After Actium: Two Caesars Are Not Enough

Discussion in 'Alternate History Discussion: Before 1900' started by Velasco, Jan 5, 2012.

  1. jkarr Well-Known Member

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    So basically....Livia has managed to the get the East (or at least large chunks of it ) kinda under, nominally, her family's thumb, whilst sidelining Isidrious....gonna be fun times ahead XD
     
  2. Emperor Constantine 21st century Monarchist

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    Another great chapter! So we're seeing some shakeups in the Imperial Household and the provinces. Kind of ironic that Isidorus heads to the West while Tiberius is heading to the East. Can't imagine Cleopatra is at all thrilled about that. And a new Ptolemy-Cesear begins his own rise as well. I wonder if Caesar Gaius will be more competent then his brother. Also a few questions: How old are Cleopatra and Berenice Caesaris at this point? And what happened to Babylon and the Mesopotamian provinces? I know that they were made client Kingdoms but I can't remember their current status.
     
  3. St. Just Angel of Death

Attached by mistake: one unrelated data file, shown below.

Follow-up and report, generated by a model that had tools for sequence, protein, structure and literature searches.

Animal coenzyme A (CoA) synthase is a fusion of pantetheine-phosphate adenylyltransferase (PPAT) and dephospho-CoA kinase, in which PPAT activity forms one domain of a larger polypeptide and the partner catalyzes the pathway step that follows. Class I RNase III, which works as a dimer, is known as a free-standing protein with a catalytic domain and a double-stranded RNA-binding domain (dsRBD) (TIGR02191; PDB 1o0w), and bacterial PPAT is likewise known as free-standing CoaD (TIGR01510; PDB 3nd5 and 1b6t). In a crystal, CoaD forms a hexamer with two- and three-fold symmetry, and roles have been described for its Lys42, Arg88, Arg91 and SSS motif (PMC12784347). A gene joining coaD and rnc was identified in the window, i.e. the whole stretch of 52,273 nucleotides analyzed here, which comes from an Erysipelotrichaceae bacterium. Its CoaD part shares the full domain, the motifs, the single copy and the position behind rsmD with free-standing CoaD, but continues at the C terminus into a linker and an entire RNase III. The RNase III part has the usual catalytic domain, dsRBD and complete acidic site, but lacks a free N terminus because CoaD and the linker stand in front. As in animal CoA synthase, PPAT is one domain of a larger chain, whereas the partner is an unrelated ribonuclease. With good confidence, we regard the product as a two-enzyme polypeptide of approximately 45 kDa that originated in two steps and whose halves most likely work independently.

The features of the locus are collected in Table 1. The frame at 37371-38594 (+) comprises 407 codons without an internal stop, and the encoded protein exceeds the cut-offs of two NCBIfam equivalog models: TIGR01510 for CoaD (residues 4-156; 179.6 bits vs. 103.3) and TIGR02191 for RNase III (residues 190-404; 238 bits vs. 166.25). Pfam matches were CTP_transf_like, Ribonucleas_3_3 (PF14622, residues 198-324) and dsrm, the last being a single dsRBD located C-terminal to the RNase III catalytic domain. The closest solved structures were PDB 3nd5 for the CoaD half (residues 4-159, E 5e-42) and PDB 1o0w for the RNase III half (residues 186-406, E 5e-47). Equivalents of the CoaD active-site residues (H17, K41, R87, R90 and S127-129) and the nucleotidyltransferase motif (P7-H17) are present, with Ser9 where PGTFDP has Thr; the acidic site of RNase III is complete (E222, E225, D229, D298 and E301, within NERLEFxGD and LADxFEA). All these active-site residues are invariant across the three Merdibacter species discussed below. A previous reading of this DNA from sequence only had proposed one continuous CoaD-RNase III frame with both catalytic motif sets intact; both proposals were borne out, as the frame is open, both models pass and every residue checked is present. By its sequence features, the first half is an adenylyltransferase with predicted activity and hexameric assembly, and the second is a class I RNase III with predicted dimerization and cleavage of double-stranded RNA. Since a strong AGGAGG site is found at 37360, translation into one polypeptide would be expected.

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    Great update! I also want to know more about the Celts-in-Babylon.
     
  4. Velasco As High as Honour

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    Exactly! :D
    The Balkans, Greece and western Turkey are under Tiberius control.
    The military command in Galatia is held by Plautius Silvanus, whose mother is Livia's best friend Urgulania.
    Livia's nephew Volusius Saturninus is the tutor of the young Caesar.
    Lucius Paullus is in the middle - he's brother-in-law of Isidorus but just married the daughter of Fabius Maximus (a former lieutenant of Tiberius) and Marcia (Livia's friend).
    The major hold out against Claudian authority is Cleopatra's kingdom (Egypt and environs, including some Med. islands).

    Thank you!

    Gaius has been less exposed to the influences of the East and grown up in the shadow of highly competent or at least highly ambitious older siblings (Ptolemy, Isidorus, Tiberius and Drusus) as well as his mother's disgrace (adultery, exile, death). His biggest claim to fame is being the first prince to be Julian on both sides: grandson of Julius Caesar on the father's side and grandson of Octavian on the other. If he's clever and the occasion permits, being the grandson and heir of Octavian could be very useful to him.

    Cleopatra is almost seventy. Berenike is seventeen and her intended husband Antony Alexas is sixteen.

    There's between two big shake ups in Mesopotamia:

    Caesarion in 14BC created the provinces of Mesopotamia and Assyria. He created the client-kingdom of Babylon for his son Philip but gave the kingdoms of Sophene (to Commagene), Gordyene (to Adiabene) and Hatra/Araba (to Edessa/Osrhoene) to client-kings he could trust. Preference was for bigger client-kingdoms ruled by loyal, grateful supplicants than smaller polities who might sell out to the Parthians at the first chance.